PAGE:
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Re: CGI polemic about bring back actors.

PostSat Jan 07, 2017 2:03 pm

I just think it is all very, very clever.

In the first place Carrie Fisher and Peter Cushing's estate approved for the work to be done, secondly actors are always impersonating someone - so there's not much difference in my mind to someone being called in to be a model for someone else than portraying that someone else in the actual flesh. Let's face it, actors have been the disembodied voices to cartoons for years.

I also think that actors must relish the idea that they can be made to look young again! Crikey, I wish that all scenes taken of me that have appeared in recent years could have had the same treatment! :D
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Re: CGI polemic about bring back actors.

PostSat Jan 07, 2017 2:09 pm

In Rogue one case the voice was from the brithish actor Guy Henry, who also provided his body image and face expressions. But in Fast and Furious it was really Paul Walker's synthetized.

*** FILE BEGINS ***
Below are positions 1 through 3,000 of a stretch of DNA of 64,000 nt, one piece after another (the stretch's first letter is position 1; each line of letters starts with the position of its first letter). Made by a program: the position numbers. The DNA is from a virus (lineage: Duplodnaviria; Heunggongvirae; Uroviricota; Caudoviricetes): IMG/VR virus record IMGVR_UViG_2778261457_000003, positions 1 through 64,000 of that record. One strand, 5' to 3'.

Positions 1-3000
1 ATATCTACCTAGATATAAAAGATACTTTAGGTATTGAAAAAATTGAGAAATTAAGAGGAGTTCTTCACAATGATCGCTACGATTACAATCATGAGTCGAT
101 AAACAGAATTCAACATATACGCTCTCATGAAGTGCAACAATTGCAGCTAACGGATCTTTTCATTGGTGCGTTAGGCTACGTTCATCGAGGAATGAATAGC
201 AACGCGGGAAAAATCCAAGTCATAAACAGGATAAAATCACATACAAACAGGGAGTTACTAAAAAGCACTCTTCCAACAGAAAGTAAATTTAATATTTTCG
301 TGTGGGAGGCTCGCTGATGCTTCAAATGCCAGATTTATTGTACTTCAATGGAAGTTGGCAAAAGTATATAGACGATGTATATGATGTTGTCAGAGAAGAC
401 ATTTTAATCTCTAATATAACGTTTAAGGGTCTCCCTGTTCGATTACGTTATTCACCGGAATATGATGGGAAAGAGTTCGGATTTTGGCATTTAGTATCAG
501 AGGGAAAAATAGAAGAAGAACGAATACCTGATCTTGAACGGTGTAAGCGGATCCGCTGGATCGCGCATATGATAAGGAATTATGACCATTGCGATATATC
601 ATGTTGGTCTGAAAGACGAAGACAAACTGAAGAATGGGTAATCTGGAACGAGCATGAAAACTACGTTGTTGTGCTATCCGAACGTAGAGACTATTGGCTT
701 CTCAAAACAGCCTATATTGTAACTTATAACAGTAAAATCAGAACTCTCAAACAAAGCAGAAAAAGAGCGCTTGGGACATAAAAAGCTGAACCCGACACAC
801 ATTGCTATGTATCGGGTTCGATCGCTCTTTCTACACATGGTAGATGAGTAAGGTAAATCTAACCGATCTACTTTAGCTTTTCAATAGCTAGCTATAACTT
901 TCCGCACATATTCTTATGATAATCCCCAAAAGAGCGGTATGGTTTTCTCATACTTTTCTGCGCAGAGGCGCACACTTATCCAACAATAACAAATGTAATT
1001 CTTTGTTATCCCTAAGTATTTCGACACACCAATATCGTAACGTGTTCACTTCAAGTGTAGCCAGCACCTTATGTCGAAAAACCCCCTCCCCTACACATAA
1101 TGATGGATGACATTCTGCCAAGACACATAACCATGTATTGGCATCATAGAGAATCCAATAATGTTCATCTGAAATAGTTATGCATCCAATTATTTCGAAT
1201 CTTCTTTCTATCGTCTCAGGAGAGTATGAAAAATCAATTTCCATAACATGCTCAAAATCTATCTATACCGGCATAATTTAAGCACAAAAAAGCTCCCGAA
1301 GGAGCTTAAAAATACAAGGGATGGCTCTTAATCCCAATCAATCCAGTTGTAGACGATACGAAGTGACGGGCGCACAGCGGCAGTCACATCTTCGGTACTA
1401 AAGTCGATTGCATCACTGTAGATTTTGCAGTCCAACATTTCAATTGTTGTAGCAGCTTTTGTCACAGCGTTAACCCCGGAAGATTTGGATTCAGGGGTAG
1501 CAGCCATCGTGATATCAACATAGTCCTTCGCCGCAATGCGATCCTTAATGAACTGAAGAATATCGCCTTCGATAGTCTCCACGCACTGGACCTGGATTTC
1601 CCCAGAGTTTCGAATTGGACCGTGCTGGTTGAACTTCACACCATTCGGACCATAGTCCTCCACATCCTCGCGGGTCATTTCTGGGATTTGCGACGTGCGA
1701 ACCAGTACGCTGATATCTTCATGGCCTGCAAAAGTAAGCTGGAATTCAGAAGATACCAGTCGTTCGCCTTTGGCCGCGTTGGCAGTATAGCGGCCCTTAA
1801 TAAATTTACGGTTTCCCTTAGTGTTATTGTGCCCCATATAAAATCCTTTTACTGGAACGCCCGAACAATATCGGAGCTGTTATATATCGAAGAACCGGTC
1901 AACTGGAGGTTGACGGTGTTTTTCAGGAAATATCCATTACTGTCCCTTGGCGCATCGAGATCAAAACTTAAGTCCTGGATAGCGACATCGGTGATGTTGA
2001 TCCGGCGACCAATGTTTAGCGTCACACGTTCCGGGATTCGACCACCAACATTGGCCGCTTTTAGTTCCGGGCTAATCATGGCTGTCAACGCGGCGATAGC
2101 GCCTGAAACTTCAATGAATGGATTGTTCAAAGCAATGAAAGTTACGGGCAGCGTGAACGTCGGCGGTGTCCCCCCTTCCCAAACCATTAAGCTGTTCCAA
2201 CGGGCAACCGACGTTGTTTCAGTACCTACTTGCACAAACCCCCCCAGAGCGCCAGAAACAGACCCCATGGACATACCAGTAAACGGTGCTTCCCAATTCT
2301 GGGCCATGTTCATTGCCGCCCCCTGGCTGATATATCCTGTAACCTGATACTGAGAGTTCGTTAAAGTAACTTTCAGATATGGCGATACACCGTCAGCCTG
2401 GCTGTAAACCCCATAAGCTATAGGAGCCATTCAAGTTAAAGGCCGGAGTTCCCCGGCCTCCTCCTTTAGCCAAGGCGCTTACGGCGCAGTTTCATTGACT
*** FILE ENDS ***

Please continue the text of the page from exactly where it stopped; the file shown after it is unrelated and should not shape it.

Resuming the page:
Ludi wrote:People familiar with Peter Cushing complain about the voice of fake Cushing being wrong.
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Re: CGI polemic about bring back actors.

PostSat Jan 07, 2017 2:27 pm

Well, I'm waiting more people opine to turn it into a real polemic.
Hepburn CGI had a mistake, the ear lobe of the CGI wasn't lose, like Hepburn had.

Something is bring a character that was portrayed by a actor, back with the appearance os the actor. Other thing is to create a new character which the actor never portraid and used the dead actor appearance to create the new character.